Orlando Science Center's exhibit halls feature a vast array of exciting interactive experiences! Learning has never been so fun with these hands on educational exhibits. From down to earth explorations in natural science to the high-tech world of simulation technology, everywhere you look, you'll find educational and entertaining opportunities to explore, experiment, and discover.
The Orlando Science Center is home to some of the most exciting traveling exhibits in the country. When these exhibits are in town they are only here for a limited time, so don’t miss the opportunity to see them!
As great as our traveling exhibits are, there are some exhibits that are the staple of the Orlando Science Center. NatureWorks will have you up close and personal with some of nature’s most fascinating reptiles. At DinoDigs, you’ll step back into the prehistoric age. Discover the dynamic forces and systems that shape our Earth, as well as other planets in Our Planet, Our Universe. Explore such concepts as electricity and magnetism, lasers, soundwaves, and nature’s forces in Science Park. No visit to the Science Center is complete without a trip to KidsTown, an interactive world dedicated to our smaller explorers.
Science Live! Programs
What’s the difference between a great visit to a Science Center and a memorable visit? Live programs. Our exhibits are designed to inspire curiosity and exploration, our Science Live! programs are designed to bring the exhibits to life. Whether it’s a show in the Digital Adventure Theater or a one-to-one interaction with a volunteer at the Crosby Observatory, our live programs create the kind of impact that can last a lifetime.
Looking for little more “hard science” in your next Science Center visit? Look no further than the Science Stations located throughout the facility. Science Stations are a cross between exhibits and live programs in that they’re exhibits that typically include a live program to truly bring the experience to life. Science Stations provide an in-depth look at their respective subject matter in an entertaining way. Be sure to check your program schedule to see which Science Stations are conducting demonstrations on the day of your next visit.
The aluminum-domed Crosby Observatory atop Orlando Science Center houses Florida's largest publicly accessible refractor telescope. This one-of-a-kind custom-built telescope, along with several smaller scopes, are available at selected times for solar and night sky viewing.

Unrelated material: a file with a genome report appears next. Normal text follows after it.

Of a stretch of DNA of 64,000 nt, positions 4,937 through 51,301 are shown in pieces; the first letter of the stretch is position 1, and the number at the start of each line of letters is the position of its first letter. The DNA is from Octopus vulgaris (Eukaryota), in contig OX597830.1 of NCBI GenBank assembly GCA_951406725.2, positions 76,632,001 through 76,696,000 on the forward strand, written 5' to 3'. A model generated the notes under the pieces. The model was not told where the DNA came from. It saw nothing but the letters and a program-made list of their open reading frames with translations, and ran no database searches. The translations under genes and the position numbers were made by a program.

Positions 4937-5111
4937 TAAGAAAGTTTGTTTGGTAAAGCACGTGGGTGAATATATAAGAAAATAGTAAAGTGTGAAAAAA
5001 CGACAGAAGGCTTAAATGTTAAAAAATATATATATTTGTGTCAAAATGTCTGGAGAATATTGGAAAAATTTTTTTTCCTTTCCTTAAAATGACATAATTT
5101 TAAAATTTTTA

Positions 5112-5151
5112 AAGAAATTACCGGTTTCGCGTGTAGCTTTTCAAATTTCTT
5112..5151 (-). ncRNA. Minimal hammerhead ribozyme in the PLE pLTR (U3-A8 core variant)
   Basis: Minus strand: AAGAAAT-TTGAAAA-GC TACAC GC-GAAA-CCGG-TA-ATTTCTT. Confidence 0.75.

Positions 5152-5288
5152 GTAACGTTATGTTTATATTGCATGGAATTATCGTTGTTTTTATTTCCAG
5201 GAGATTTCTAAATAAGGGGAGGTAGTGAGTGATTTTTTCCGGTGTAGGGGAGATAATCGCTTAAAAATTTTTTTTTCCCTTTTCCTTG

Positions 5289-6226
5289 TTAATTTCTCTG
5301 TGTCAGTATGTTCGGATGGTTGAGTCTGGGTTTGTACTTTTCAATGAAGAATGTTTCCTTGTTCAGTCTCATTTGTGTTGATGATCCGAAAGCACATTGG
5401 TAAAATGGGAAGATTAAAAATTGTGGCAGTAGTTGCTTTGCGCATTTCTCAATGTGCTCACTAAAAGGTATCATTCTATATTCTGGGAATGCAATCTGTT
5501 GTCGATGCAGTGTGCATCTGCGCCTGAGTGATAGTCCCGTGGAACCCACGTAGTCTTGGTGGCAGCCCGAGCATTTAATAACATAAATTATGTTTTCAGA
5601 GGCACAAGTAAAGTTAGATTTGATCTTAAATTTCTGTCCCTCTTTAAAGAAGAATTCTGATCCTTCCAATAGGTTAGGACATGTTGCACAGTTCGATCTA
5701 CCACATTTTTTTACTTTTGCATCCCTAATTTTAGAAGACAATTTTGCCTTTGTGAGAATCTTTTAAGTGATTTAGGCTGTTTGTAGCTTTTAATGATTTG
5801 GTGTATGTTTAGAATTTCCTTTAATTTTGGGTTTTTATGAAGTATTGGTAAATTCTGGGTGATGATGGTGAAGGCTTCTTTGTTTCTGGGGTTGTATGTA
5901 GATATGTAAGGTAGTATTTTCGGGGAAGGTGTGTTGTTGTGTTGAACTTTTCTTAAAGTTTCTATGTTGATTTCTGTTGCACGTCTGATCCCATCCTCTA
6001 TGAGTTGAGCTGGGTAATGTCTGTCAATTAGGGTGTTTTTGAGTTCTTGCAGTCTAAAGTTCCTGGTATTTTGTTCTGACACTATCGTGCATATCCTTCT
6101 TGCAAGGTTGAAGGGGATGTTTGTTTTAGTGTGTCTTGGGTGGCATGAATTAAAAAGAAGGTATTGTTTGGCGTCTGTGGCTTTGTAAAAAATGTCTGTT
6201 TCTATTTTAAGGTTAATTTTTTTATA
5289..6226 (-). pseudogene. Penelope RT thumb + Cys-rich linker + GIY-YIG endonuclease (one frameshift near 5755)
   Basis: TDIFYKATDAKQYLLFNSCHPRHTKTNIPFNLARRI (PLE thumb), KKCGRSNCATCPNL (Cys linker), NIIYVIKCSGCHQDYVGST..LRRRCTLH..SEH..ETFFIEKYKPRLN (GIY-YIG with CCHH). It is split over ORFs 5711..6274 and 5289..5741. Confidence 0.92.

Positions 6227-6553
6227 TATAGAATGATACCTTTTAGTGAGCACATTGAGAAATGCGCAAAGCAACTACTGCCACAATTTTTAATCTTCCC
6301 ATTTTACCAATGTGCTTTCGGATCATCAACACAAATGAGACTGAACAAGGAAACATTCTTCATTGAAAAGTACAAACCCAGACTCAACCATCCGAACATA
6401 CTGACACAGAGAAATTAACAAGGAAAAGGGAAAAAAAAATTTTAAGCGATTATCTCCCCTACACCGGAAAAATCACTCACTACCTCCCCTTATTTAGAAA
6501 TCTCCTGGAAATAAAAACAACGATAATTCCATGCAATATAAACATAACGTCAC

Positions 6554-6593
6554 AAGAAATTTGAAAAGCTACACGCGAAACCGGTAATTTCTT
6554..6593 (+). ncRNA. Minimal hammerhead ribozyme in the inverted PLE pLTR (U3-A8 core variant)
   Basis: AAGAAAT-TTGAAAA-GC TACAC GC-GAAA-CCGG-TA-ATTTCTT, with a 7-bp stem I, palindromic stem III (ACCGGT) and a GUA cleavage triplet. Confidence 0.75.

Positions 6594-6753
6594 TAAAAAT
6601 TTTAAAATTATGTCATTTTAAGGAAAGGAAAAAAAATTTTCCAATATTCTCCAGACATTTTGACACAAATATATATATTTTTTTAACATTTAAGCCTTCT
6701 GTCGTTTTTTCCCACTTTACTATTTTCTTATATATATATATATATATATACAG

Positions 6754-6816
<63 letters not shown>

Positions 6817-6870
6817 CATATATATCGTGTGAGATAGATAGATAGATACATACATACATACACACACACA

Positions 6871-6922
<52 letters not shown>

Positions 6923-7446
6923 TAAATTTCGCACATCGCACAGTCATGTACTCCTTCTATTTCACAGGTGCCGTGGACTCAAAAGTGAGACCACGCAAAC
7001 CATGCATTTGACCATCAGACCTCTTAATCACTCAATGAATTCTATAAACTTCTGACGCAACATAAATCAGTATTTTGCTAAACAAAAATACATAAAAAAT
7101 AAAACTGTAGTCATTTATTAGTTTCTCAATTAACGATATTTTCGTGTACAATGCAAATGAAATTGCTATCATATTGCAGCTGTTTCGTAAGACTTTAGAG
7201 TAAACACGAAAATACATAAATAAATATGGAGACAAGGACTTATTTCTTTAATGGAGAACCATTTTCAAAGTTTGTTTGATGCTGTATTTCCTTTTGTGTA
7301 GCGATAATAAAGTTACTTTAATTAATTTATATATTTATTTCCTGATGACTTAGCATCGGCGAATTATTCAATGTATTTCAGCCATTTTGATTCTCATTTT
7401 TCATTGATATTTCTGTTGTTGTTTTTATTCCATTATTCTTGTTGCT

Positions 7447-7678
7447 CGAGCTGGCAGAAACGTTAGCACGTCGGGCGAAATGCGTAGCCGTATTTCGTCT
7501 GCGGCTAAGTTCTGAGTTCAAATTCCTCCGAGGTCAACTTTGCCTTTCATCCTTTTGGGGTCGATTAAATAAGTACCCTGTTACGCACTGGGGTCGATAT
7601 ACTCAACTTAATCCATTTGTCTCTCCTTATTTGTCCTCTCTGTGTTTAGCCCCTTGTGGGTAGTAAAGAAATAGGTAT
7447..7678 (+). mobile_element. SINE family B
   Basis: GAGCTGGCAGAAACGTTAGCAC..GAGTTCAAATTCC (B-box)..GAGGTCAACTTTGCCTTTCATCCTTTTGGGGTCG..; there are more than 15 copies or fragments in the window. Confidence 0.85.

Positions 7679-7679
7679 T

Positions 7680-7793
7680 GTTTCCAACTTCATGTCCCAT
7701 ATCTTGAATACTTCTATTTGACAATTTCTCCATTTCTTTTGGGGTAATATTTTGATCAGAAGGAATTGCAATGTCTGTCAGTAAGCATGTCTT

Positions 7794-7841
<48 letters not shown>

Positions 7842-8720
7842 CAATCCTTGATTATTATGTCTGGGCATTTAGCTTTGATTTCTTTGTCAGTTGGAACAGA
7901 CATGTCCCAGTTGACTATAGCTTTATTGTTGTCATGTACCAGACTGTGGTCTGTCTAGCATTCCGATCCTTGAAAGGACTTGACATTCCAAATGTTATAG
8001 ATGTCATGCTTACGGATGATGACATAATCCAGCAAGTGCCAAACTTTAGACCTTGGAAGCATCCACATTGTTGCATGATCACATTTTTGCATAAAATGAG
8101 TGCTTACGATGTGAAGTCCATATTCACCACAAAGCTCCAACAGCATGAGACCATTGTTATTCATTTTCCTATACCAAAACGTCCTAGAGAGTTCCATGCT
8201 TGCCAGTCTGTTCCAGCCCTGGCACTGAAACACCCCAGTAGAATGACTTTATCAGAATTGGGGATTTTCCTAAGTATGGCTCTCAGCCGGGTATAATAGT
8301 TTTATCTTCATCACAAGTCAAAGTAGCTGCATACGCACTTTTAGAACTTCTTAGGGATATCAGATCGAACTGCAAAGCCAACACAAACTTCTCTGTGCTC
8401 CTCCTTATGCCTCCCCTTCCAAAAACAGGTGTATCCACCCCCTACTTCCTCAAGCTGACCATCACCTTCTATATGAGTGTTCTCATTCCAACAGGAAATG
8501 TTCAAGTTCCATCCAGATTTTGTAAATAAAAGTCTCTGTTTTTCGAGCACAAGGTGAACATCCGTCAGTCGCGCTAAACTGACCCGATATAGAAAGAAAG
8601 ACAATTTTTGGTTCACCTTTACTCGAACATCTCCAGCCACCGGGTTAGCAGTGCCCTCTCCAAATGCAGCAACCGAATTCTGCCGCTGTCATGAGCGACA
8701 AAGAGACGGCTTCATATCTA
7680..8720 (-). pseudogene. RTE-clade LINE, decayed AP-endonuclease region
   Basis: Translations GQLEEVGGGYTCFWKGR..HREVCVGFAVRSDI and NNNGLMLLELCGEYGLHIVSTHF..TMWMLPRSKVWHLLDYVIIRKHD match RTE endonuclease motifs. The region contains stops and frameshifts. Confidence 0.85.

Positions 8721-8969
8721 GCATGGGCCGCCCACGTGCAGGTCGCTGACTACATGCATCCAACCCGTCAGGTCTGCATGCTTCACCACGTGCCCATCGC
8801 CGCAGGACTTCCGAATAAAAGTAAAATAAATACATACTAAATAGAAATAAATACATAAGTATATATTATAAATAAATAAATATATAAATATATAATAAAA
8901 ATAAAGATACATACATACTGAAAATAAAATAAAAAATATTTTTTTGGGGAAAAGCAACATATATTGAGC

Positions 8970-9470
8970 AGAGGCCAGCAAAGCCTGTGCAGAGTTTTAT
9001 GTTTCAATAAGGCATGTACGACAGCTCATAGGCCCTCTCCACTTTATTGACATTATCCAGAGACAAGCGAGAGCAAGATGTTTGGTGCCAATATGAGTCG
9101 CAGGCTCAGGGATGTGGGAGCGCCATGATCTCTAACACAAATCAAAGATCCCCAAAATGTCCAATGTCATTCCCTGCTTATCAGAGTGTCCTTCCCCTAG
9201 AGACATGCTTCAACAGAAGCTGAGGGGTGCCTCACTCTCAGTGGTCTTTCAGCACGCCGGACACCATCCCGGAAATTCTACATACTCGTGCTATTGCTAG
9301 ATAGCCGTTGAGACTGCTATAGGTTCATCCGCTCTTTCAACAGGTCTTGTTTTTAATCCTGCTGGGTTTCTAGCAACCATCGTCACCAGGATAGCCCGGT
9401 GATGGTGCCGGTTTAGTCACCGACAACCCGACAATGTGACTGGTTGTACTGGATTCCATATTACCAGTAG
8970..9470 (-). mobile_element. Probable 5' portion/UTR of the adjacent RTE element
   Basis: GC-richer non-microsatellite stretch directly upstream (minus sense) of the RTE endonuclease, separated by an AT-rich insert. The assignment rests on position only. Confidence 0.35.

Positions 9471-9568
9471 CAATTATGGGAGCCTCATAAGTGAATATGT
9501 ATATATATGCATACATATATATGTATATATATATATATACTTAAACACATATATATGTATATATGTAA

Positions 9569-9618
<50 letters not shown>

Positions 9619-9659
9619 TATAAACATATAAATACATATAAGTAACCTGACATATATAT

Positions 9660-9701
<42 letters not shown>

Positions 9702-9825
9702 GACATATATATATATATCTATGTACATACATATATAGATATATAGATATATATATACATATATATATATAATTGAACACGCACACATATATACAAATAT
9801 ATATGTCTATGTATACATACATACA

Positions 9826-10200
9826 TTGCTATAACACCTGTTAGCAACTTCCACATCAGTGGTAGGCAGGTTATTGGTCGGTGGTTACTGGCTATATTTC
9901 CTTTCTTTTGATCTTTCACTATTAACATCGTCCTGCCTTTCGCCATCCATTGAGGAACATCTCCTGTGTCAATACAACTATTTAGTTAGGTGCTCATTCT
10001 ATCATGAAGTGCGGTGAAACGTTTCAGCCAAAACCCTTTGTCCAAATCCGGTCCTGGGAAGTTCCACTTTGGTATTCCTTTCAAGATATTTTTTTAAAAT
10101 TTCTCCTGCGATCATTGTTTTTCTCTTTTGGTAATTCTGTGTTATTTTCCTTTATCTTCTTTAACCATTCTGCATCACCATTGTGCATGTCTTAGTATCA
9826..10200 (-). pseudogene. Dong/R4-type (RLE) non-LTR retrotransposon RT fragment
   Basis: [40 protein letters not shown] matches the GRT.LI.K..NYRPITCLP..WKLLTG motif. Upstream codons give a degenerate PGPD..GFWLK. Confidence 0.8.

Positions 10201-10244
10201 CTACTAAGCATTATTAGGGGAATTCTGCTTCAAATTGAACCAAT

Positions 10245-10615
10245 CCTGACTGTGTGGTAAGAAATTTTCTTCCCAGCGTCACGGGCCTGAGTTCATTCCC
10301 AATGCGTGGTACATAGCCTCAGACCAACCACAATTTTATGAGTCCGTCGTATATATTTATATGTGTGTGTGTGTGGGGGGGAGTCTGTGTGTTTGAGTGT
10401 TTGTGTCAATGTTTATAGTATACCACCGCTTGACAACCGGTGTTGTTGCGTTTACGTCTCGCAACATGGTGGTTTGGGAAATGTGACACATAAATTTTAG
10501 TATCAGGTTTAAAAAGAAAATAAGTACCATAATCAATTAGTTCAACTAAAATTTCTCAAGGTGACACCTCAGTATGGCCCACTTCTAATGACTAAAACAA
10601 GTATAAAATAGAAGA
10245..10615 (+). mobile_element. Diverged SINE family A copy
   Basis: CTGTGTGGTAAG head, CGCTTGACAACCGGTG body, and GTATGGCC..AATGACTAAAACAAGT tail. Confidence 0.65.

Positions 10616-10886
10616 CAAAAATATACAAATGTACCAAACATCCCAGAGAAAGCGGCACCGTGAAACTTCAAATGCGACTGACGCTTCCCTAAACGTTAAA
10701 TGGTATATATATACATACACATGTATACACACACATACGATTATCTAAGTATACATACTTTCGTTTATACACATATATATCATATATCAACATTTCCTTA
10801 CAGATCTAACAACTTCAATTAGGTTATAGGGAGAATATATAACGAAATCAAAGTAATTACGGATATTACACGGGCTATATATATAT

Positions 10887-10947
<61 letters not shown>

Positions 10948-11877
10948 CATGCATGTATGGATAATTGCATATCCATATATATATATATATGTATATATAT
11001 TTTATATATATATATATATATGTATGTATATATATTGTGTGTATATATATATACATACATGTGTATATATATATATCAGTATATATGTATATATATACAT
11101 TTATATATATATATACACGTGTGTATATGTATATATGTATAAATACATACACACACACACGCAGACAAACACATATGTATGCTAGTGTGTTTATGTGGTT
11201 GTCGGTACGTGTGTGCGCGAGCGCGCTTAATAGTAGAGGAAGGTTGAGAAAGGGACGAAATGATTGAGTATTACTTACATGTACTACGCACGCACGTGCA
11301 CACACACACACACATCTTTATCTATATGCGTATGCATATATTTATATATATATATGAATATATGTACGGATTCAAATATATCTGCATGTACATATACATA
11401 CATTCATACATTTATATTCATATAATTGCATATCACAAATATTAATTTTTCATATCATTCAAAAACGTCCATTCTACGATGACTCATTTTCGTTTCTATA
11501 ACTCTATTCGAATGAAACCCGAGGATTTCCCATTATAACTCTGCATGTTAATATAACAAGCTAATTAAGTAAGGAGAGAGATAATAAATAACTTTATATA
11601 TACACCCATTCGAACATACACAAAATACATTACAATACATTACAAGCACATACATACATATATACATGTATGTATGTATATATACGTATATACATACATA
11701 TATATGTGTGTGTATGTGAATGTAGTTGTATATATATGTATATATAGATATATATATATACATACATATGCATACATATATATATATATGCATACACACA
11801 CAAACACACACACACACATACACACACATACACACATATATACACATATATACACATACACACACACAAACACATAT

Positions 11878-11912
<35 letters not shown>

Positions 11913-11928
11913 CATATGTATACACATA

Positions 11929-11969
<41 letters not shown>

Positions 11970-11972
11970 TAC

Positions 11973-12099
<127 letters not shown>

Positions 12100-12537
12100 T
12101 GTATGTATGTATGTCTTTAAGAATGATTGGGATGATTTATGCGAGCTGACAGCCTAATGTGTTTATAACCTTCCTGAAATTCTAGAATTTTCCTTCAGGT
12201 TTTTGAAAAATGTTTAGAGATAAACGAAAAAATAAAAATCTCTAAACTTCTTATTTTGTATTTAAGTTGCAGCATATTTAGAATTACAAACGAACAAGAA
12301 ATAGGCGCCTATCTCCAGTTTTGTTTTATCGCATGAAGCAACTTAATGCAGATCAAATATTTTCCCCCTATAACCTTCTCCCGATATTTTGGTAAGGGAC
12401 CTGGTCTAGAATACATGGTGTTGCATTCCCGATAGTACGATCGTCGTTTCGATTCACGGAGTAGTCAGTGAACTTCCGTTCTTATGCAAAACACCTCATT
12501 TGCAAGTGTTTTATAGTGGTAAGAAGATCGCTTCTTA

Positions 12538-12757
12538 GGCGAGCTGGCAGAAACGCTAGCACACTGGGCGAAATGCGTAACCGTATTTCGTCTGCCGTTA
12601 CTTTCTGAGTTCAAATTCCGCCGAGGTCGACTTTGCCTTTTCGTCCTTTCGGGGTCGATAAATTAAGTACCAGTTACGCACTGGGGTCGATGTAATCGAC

22 February 2012
Posted in NatureWorks
Suppose you’re out in the Everglades watching a six-foot alligator when out of the reeds springs an even bigger python that suddenly latches on to it and attempts to devour it whole! The non-venomous Burmese python’s natural habitat may be Southeast Asia but due to human intervention these reptilian creatures are coming to the Everglades near you! It became a startling phenomenon a decade ago not only due to owners releasing their pets and accidental escapes but breeding among the freed pythons as well. A female Burmese python can lay up to 100 eggs with an average of about 36 eggs. That’s a lot of pythons from even one snake! Especially for a breed that can grow up to 23 feet long and weigh upwards of 200 lbs.
According to a recently published study in the Proceedings of the National Academy of Sciences, their arrival has heralded a severe decrease in the population of several native mammals including raccoons and opossums. Researchers are having a more difficult time monitoring the effects of the python’s presence on endangered animals such as the Florida panther. Even if they don’t interact with the panthers, they are still affecting them by consuming their food source of small mammals.
It’s difficult to estimate how many pythons are slithering free throughout the one and a half million acres of the Everglades. In an interview with PBS, Shawn Heflick, President of the Central Florida Herpetological Society, says he believes “that the true number is closer to between 5,000 to 10,000 animals. The 100,000 plus numbers are inflated and sensationalized by politicians and some of the local media, but no one has the real answer to exactly how many are out there.”
Park personnel have taken preventative measures with Ivegot1.org where visitors can report sightings and learn about the species as well as offensive measures such as using detection dogs to sniff out the snakes. Recently the U.S. Fish and Wildlife Service made it illegal to import these pythons into the U.S. as well as transport them across state lines. Even with these efforts only time will tell as to whether the situation can be contained.
Image Source: The Nature Conservancy.